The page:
Answering a couple of reader questions about the history of Seattle QBs catching passes, and why the Seahawks have had so many touchbacks.

Share story

Time to answer a couple reader questions via Twitter and e-mail.

The first one arrived via e-mail and touches on what was maybe the highlight play of Sunday’s win over the Eagles — Doug Baldwin’s 15-yard TD toss to QB Russell Wilson.

Q: Do you have any idea how many NFL quarterbacks have received a pass and scored a touchdown?

A: According to this 2014 Bleacher Report story, it had been done 14 times from 1970-2014, most recently by Andy Dalton of the Bengals. So, as far as I can tell, Wilson would be the 15th quarterback since 1970 to score a receiving touchdown.

As was reported at the time, no Seattle quarterback had ever before done it.

In fact, as far as I can tell, Wilson appears to be only the third Seahawks quarterback to ever catch a pass as a quarterback on play when he was the intended receiver (he also had a 17-yard non-scoring reception on a pass from Jermaine Kearse in 2014 in a 26-20 win over Denver).

I make that distinction because both Seneca Wallace and B.J. Daniels are listed as quarterbacks and caught passes, but as far as I can tell every pass they caught was when lined up as a receiver.

Also, Trent Dilfer and Dave Krieg each caught passes when they threw a pass that was batted and then came back to them and they caught it.

But as far as I can tell, only Wilson, Krieg and Jim Zorn have caught passes on plays when they were the intended receiver.

Zorn’s came in 1982 against Denver when he caught a 27-yard pass from kicker Norm Johnson on a fake field goal. It all went for naught, though, when Zorn threw an interception on a pass to Steve Largent in the end zone a few plays later (though Seattle still won 13-11).

The following year, Largent threw an 11-yard pass to Krieg on a trick play on a fourth-and-four at Kansas City. The play helped lead to a Seattle touchdown that cut the Chiefs’ lead to 42-38, a game that the Seahawks eventually won 51-48 in overtime, and which stands as the highest-scoring game in Seahawks history.

Baldwin, meanwhile, became the 26th non-quarterback to throw a pass for the Seahawks and one of just four to throw a touchdown. The others are receiver Golden Tate (a 23-yard pass to Sidney Rice in a 28-7 win over the Jets in 2012), running back Ricky Watters (a 1-yard pass to tight end Deems May in a 28-21 loss at Denver in 1998, which also served as the last touchdown of the Dennis Erickson era), and running back Dave Sims, who threw a 43-yard touchdown pass to Largent in a 24-13 loss to Denver in 1977.

The touchdown moved Baldwin into a tie for 24th on the team’s all-time touchdown passing list — among those he is ahead of is Matt Flynn, who threw just nine passes, though none for a touchdown, in 2012.

Baldwin also became the 54th player in Seahawks history to throw a pass.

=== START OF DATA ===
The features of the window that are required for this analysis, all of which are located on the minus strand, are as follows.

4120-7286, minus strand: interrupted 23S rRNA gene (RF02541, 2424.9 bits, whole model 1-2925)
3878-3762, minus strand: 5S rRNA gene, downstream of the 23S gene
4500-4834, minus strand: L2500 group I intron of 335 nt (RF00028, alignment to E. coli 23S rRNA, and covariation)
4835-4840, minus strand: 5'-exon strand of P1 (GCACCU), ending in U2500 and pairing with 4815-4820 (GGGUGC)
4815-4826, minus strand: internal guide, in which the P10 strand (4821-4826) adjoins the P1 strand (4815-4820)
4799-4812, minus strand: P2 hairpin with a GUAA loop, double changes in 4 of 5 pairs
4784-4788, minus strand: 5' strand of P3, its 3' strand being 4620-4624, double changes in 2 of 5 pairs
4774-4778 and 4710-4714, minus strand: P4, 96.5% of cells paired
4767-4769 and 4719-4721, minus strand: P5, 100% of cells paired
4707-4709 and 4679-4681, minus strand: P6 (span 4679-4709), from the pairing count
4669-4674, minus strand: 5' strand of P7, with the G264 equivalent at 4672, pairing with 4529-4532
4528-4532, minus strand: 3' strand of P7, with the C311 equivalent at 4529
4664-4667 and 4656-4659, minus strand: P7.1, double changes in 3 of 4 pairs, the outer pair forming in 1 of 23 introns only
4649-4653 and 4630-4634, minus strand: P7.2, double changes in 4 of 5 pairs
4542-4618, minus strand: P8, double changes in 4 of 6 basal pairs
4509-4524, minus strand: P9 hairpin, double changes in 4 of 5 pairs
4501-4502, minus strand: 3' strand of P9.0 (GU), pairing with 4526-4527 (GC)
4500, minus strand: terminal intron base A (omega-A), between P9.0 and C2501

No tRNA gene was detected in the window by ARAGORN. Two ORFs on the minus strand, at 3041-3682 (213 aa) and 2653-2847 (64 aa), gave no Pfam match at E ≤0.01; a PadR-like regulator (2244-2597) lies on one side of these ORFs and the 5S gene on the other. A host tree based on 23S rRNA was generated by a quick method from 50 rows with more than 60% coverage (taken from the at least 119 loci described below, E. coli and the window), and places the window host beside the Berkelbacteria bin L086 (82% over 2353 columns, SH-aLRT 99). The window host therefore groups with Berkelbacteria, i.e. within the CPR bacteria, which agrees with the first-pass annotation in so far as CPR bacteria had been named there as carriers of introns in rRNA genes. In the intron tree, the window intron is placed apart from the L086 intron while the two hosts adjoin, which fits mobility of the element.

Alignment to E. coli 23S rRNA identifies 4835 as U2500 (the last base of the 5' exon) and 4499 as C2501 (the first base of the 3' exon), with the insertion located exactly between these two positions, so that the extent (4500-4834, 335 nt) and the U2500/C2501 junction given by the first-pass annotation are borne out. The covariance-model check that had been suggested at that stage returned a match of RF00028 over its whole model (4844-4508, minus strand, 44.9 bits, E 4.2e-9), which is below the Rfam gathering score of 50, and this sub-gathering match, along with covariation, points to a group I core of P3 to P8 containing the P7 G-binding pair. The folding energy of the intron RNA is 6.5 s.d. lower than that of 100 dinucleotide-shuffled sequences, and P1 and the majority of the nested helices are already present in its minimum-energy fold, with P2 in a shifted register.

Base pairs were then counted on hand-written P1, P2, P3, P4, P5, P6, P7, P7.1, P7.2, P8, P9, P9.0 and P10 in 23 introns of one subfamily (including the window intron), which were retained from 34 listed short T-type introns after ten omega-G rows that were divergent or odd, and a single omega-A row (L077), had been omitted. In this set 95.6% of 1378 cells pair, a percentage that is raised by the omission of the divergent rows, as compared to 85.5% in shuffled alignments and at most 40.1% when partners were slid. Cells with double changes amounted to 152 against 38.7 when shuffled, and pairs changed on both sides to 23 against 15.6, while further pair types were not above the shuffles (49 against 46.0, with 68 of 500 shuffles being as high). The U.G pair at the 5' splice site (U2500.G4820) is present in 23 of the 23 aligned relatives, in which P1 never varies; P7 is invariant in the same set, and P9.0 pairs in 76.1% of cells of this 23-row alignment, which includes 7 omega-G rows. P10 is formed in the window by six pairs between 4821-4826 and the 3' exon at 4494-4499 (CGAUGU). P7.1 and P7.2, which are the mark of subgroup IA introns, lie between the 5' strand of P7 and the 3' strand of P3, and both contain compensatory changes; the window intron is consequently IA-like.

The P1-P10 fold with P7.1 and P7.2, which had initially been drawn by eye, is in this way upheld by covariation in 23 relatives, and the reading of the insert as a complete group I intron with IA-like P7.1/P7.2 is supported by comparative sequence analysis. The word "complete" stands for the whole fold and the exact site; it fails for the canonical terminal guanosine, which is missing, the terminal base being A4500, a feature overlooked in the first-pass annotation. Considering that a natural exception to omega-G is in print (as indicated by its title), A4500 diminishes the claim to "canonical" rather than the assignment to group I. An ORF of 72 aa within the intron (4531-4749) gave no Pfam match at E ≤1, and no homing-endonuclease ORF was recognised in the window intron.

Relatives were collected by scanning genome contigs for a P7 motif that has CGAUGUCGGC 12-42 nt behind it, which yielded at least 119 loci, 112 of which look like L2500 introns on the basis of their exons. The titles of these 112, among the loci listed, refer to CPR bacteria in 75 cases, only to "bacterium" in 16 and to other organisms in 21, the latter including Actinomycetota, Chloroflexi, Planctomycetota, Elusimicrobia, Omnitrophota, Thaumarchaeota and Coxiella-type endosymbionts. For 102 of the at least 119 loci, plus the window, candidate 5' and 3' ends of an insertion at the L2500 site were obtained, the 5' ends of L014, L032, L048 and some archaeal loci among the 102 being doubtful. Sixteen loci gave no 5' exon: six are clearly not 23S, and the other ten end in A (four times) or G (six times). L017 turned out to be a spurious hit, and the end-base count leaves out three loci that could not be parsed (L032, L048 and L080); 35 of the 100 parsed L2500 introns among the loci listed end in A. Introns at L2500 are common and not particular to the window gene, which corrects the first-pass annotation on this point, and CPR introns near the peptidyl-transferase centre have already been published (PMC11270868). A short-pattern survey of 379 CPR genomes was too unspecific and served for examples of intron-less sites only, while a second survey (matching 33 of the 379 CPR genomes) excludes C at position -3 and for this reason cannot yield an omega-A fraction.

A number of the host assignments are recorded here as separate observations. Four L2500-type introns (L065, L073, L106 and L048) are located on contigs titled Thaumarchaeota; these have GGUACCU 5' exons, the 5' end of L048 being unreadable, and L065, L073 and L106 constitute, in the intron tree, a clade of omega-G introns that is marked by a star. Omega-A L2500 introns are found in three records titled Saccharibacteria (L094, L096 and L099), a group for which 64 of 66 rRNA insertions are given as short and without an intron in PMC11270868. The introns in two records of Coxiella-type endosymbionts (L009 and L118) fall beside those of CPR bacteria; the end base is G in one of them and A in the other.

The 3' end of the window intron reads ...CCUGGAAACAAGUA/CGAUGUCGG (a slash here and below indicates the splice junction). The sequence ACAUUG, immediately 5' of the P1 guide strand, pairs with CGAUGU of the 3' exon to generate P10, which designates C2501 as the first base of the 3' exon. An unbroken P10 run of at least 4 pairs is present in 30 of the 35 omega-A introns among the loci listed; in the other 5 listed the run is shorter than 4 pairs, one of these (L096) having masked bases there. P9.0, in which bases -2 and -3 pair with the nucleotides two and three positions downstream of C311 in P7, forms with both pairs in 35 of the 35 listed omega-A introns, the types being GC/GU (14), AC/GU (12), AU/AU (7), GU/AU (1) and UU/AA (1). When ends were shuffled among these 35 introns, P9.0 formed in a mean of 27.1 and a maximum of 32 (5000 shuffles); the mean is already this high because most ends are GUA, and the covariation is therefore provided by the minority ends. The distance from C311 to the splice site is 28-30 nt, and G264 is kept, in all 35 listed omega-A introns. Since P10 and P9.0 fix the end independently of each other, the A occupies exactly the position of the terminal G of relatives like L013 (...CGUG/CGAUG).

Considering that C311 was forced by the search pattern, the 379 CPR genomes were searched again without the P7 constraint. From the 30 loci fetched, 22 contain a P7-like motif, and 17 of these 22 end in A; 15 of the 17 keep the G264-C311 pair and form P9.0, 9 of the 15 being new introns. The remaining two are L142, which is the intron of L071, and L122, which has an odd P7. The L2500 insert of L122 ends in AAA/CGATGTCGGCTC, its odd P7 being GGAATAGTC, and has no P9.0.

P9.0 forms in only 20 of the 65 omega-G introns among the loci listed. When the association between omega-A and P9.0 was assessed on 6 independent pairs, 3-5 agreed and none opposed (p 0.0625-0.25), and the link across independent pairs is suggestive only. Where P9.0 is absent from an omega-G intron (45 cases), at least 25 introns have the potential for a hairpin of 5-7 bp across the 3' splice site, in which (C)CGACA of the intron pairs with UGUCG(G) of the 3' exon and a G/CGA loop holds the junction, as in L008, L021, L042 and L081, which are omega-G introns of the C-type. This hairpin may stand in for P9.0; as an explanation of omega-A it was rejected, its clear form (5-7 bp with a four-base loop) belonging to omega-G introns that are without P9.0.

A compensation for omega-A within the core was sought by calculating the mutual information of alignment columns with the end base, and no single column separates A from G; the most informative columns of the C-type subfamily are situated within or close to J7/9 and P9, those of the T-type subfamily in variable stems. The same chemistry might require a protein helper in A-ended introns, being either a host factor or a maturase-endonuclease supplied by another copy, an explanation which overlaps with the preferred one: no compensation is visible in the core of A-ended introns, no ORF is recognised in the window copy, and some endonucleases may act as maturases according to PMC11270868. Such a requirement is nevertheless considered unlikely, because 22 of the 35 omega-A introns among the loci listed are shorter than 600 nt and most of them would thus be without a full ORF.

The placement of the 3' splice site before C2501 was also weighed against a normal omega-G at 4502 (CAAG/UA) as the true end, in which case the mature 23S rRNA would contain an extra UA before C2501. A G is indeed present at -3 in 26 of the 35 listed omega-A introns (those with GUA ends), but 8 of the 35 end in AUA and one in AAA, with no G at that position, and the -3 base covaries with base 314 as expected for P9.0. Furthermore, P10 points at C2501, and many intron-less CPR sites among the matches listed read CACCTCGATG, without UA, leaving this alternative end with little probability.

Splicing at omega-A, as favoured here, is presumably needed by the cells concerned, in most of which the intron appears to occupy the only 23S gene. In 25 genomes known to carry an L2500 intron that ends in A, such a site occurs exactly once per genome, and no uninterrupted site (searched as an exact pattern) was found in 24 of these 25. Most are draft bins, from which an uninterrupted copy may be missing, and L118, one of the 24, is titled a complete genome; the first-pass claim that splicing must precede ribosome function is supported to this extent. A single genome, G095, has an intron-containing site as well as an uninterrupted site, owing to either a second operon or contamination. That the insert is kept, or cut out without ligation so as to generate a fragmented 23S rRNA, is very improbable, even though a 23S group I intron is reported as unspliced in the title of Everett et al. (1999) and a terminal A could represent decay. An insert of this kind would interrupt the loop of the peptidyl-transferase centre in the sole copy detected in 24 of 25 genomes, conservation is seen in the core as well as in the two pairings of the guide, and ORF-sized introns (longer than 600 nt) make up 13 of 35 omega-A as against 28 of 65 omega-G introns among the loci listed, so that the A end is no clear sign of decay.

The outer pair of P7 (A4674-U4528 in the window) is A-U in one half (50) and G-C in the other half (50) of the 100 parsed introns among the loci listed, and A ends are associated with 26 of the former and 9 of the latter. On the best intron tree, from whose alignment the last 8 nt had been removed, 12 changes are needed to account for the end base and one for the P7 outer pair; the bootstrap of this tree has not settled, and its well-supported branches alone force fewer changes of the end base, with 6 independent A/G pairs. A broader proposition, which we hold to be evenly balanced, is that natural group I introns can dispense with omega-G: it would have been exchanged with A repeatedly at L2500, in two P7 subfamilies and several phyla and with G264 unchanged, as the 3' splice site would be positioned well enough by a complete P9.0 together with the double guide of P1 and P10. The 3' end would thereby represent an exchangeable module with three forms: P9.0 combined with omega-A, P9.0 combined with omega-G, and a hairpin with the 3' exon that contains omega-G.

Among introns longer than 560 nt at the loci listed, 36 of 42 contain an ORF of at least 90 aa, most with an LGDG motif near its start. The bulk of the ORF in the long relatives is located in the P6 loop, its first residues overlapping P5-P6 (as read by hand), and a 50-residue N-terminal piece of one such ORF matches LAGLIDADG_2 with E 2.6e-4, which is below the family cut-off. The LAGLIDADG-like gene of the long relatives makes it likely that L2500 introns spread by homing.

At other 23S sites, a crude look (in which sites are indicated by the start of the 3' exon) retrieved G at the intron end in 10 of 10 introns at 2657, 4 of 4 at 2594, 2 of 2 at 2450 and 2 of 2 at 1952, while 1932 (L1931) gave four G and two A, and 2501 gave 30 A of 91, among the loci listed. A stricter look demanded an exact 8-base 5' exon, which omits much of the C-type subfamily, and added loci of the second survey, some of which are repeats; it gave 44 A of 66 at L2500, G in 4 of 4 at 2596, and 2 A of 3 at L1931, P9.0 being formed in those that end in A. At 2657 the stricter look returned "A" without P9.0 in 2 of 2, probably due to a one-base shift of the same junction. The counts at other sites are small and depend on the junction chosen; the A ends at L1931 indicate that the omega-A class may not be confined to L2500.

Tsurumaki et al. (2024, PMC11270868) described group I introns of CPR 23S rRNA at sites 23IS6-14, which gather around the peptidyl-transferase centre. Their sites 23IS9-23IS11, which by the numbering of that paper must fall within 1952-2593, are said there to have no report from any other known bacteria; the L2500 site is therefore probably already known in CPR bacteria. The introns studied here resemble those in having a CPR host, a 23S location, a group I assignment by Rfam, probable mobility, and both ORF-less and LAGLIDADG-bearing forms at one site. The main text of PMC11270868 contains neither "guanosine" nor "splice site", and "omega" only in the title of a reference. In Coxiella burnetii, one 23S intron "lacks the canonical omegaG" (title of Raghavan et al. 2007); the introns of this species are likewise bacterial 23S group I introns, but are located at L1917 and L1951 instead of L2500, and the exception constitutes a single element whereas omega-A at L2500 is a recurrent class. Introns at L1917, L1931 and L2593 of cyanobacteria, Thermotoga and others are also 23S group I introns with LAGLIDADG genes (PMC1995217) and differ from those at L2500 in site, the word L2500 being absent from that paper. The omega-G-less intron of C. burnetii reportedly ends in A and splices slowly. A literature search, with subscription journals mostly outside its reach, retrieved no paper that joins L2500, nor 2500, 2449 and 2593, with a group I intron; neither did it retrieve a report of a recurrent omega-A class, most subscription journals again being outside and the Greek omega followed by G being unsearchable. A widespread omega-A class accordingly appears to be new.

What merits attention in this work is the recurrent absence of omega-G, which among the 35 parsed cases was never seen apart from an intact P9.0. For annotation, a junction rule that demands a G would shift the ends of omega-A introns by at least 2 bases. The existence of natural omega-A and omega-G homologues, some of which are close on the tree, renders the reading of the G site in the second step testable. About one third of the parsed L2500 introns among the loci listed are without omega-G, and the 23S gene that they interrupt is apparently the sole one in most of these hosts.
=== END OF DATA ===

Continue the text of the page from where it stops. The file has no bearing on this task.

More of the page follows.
That he threw a TD on his only attempt gave Baldwin a perfect 158.3 passer rating. So that makes him tied with Tate in Seahawks history for highest passer rating, with the obvious caveat that it’s, well, as small of a sample size as there can be.

Q: @iplayedwithacat asks: What’s up with (Steven) Hauschka blasting kickoffs through the end zone for touchbacks? Why not aim for goal line?

A: Hauschka did indeed kick all six kickoffs for touchbacks against the Eagles Sunday.

But I think the reason for that was simple — the Eagles came in leading the NFL in kickoff returns at whopping 33.7 on 18 attempts, having already returned two for touchdowns. So I think the Seahawks just wanted to avoid that. I guess one could argue Seattle should show more confidence in its coverage team. But especially once Seattle got the lead, I think a decent argument can be made to just kick it through the end zone and take your chances with the Eagles starting at their own 25.

The reader is on to something that Seattle is doing that more this season, however. Seattle is now averaging touchbacks on basically 78 percent of its kickoffs (77.78) with 42 on 54 total attempts, second-highest in the NFL.

Last year, Seattle’s touchback percentage was 47 percent, 26th highest.

Coaches generally say it’s a game-to-game thing — there are returners they want to avoid (as was obviously the case with the Eagles) and then times they think they can maybe gain an advantage. So maybe it’s as simple as that.

The obvious difference this year is that touchbacks are coming back to the 25 instead of the 20. So the Seahawks are losing more yards when just going with a touchback. But there hasn’t so far been much difference in where opponents have started either way — before Sunday, the average drive start for Seattle’s opponents on all kickoffs was the 25.3.

Possibly another factor is that kickoffs tend to be a play with one of the highest rates of injury. So maybe the Seahawks have wanted to avoid that a bit.

Seattle’s coverage units are statistically better this season, allowing 22.3 per return versus 25.5 last season. But that could also be due in part to how they are playing the kicks they are kicking short.

The Seahawks this week play a Tampa Bay team that is last in the league in kickoff returns at 14.8, so we’ll see if that also means a change in kickoff strategy.